The Grand Tour saw young European men from aristocratic families travel through Europe, with Italy being a key destination, to round off their education and broaden their horizons learning about language, architecture, geography, and culture.
Popular throughout the 18th century, this extended journey was seen as a rite of passage for mainly young, aristocratic gentleman and provided an opportunity to visit the major cultural centres of Italy.
Where did the Grand Tourists visit?
Major cultural cities on the Grand Tour in Italy included the Italian Riviera, Florence, Naples, the Amalfi Coast and Sicily in the south and of course Rome. Rome was important for the Grand Tourist to learn of the legacy left by the Romans to Western Civilisation. They mainly travelled in groups and often congregated in what was known as the English Ghetto in and around present-day Piazza di Spagna in Rome. Popular meeting places such as Caffe Greco in Via Condotti was a haven for the literary elite and aristocracy to discuss the issues of the day. These voyagers were done at a leisurely pace and often meant months and even years abroad.
Florence and its magnificent galleries filled with Medieval and Renaissance artwork was always included as a mandatory stop for the Grand Tourist. There they could marvel at masterpieces by Michelangelo, Leonardo da Vinci, Raphael and Paolo Uccello to name only a few. Florence would also be the staging ground to explore some of the regional centres of wider Tuscany such as Siena, Pisa, Lucca and Volterra on the way to or from the capital Rome.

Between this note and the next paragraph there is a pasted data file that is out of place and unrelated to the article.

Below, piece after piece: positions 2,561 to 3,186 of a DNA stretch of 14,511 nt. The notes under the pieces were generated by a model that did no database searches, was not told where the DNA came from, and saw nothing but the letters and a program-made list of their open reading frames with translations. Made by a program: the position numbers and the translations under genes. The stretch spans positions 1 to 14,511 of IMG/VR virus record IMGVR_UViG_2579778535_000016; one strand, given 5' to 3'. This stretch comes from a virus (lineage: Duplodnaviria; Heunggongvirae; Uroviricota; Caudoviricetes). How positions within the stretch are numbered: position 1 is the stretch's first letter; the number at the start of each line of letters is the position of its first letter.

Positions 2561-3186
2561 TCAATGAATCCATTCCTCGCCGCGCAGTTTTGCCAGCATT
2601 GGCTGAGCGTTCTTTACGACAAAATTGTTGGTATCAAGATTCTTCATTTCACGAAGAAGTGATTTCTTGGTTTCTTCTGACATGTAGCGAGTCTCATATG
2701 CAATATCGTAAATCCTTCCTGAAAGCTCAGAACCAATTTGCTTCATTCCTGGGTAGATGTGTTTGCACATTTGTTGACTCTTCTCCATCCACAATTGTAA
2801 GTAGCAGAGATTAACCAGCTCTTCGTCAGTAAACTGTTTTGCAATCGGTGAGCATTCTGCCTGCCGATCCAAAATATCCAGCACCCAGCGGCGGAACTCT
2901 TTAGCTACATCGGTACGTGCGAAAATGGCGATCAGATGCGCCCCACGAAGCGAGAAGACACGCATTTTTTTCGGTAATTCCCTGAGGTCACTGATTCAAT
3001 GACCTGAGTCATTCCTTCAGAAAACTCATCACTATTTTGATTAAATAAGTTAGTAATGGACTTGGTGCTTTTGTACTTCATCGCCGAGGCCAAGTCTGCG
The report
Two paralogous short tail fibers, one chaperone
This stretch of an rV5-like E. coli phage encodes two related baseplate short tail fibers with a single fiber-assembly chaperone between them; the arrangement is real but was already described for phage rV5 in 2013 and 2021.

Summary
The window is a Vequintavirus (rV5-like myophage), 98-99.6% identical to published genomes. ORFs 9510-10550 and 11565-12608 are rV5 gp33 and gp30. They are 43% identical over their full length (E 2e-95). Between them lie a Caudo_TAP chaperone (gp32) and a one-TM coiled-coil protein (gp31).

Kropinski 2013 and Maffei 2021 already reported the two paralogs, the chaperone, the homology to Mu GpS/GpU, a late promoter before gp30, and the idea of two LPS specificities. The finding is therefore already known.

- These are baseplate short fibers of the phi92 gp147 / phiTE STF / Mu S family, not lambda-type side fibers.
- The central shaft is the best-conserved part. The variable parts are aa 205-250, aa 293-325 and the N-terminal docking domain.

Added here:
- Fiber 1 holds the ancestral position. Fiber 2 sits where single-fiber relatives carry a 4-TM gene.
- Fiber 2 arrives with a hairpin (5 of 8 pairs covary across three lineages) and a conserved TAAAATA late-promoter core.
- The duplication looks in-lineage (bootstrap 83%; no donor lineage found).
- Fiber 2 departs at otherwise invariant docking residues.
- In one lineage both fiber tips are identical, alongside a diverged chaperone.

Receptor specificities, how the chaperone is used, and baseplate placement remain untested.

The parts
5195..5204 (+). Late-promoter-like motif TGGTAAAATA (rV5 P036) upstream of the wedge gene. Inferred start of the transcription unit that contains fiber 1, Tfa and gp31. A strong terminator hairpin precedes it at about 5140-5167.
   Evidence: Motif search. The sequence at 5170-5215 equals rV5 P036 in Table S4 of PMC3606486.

Venice was an essential stop and usually was left to the end of the journey. It attracted these travellers for its music, art and as a playground for the rich and famous. Concerts and lavish balls where high on the agenda and where possible a visit the ‘floating city’ was timed to coincide with the famous Carnevale di Venezia. Carnevale was an annual festival and where its patrons were permitted to wear a mask to cover their face and dress as they liked often in elaborate costume.
What was the historical importance of the Grand Tour?
The idea of the Grand Tourist was best described by the English writer Samuel Johnson who said, ‘A man who has not been in Italy, is always conscious of an inferiority, from his not having seen what it is expected a man should see’.
Travellers were expected to absorb as much art, cultural and society that their time and budget would permit them. They would take these learnings home with them and sometimes also return with souvenirs from their travels in the form of artworks or sculpture.
While the objectives are different today, the traveller still seeks to learn and experience as much as they can while in each destination. We are richer for it.
Want to walk in the footsteps of the Grand Tourist?
The family team at Vita Italian Tours, along with their local experts, keep true to the centuries-old tour taking you through Italy’s magnificent destinations on the Grand Tour of Italy small group tour.
It’s springtime and the countryside is in full bloom – a wonderful time to join the popular thirteen day small group tour ‘Grand Tour of Italy’. Beginning in Rome and ending in Venice you can retrace the footsteps of these travellers so many years ago. Stay in boutique centrally located hotel accommodation, dine in genuine local trattoria and go where the larger groups simply can’t visit.
If independent travel is more your style, why not let Vita Italian Tours plan your very own tailor-made private ‘Grand Tour’ itinerary for you.
Contact us today to plan your visit.